The startups driving innovation in life sciences

In the last two decades, life sciences has become one of the UK’s fastest growing and most innovative industries, encompassing a wide range of disciplines. In Wales the sector now employs over 11,000 people in more than 350 companies and contributes around £2 billion to the Welsh economy every year.

Thanks to the sector’s incredible success, Wales is now at the forefront of a number of exciting and groundbreaking developments across various fields, from pharmaceutical to biotechnology. And innovation is coming from all corners, not only from large multi-national firms and pioneering academics, but also from SMEs and entrepreneurs.

In fact, some of the most exciting innovations are actually coming from small startup businesses; individuals or groups of people who have a product, or sometimes just a new idea, that they want to develop and commercialise.

The Life Sciences Hub Wales recently ran a unique competition, called Boost Cymru, to find some of these new ideas, products or services and help make them market-ready.

We were impressed with the high calibre of entries to the competition, which perfectly demonstrated the scope of the sector and its incredible potential.

The overall winner, Cardiff-based Jellagen, is one of just three companies in the world, and the only one in the UK, to work with collagen harvested from jellyfish, from which it is developing products that could have a wide range of medical and non-medical applications.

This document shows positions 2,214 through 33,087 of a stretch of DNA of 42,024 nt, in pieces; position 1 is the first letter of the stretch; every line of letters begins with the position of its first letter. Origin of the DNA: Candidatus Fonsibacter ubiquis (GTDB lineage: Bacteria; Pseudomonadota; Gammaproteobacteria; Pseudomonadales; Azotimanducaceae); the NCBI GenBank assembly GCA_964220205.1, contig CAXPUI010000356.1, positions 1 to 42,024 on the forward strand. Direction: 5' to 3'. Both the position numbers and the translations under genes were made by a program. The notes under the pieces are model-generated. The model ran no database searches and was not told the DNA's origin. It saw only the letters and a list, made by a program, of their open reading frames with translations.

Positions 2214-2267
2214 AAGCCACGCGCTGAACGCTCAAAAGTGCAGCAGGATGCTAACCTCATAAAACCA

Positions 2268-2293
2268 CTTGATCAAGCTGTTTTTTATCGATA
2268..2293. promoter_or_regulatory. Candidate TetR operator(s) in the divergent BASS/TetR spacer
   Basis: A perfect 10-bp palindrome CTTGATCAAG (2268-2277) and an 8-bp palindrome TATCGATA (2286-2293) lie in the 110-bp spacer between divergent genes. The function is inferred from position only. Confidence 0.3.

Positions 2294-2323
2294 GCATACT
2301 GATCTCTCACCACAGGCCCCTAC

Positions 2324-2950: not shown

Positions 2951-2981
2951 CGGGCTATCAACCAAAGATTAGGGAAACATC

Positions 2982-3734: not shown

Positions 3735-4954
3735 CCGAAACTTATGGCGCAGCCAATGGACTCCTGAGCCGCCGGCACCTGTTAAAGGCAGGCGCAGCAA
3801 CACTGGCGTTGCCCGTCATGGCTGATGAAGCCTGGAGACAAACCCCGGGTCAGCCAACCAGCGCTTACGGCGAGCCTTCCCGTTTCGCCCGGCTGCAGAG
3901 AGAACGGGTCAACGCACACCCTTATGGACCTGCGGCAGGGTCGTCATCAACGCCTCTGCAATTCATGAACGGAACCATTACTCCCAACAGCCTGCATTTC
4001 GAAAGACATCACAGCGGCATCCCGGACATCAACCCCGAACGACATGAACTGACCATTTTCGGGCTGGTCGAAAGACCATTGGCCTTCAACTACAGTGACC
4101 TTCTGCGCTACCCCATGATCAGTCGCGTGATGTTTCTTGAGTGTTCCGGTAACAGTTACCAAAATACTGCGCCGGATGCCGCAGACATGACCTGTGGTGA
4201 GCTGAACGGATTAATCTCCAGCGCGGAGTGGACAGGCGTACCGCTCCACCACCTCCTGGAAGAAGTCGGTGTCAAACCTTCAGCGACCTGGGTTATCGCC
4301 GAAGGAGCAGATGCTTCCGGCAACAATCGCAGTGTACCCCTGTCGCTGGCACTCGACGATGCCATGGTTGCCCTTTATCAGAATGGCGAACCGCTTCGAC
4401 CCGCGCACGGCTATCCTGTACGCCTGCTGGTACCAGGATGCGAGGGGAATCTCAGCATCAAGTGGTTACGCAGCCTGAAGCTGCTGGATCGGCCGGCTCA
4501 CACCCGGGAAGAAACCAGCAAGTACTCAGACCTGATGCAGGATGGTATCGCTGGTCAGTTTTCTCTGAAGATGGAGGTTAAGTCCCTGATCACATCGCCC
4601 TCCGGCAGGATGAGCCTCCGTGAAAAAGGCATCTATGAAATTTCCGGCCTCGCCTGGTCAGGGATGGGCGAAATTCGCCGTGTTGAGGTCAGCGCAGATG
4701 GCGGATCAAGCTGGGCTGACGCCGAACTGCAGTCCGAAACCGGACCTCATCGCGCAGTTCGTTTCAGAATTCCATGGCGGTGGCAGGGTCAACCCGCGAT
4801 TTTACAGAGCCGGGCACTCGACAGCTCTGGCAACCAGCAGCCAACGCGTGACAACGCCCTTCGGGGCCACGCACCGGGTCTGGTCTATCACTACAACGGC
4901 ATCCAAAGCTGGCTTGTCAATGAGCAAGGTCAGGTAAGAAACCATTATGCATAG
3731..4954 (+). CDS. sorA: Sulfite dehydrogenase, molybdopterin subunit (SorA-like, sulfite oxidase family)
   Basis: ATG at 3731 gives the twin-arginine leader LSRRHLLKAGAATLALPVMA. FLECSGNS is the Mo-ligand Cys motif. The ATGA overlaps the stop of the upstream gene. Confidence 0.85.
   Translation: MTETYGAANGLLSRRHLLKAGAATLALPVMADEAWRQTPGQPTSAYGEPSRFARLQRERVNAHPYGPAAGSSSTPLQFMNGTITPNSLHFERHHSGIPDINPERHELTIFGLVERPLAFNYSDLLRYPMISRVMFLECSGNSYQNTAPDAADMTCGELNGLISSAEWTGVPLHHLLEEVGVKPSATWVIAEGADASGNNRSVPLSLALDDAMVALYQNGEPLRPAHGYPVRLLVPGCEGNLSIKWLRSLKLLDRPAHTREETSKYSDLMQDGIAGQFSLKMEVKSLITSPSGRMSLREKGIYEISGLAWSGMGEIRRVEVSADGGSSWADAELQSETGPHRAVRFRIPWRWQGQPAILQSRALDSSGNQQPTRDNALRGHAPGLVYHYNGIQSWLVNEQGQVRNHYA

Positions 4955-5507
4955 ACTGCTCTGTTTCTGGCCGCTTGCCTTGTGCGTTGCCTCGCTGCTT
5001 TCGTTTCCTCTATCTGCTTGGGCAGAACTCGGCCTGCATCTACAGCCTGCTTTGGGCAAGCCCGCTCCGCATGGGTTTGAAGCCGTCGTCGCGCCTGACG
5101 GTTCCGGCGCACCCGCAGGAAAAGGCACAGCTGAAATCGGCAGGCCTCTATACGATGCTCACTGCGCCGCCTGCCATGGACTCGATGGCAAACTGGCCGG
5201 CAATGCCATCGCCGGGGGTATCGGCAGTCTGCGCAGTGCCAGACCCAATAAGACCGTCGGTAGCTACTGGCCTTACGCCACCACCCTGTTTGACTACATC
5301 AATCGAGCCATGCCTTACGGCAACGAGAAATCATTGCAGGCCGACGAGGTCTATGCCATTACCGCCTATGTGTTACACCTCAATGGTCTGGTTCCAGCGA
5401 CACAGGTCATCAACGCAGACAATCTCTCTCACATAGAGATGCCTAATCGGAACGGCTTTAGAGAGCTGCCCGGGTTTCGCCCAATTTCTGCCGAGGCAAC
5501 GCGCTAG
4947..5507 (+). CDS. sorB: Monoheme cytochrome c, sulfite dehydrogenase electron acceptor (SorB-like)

Collagen is the main structural protein of the body and its ability to form strong fibres means it can be used in the manufacture of biomaterials. Its medical applications can range from wound care and soft tissue repair to bone grafts.

Another health-based startup developing an innovative product is Nemein. The Bridgend company has developed Kinisi, a portable lightweight lifting aid designed to bring dignity to people who have fallen.The device was the brainchild of an MS sufferer who wanted to develop something to help himself up after a fall that would allow him to continue living independently.

Many life sciences startups are developing systems or services, new ways of doing things, rather than products. One of those is Cotton Mouton Diagnostics, a startup that spun out of Cardiff and Exeter universities.

The medical diagnostic company is developing systems to more rapidly diagnose diseases such as sepsis. These systems can be used at the point of need, such as in a hospital ward or a GP surgery, rather than having to send samples off to laboratories and wait a couple of days for the results.

At the other end of the life sciences spectrum is Bionema. Based in the Institute of Life Science at Swansea University, the company is developing a eco-friendly bio-pesticide. Unlike commercial pesticides, Bionema’s product will protect crops from insect damage without harming the environment or non-target species.

There are many more companies like these across Wales and indeed, across the UK, that are driving innovation in life sciences and boosting the economy as a result.I am in no doubt that the life sciences sector will continue to grow in the coming years, diversifying into new and exciting cutting-edge areas of research and development.

This is a guest article by Dr Ian Barwick, CEO of Life Sciences Hub Wales.

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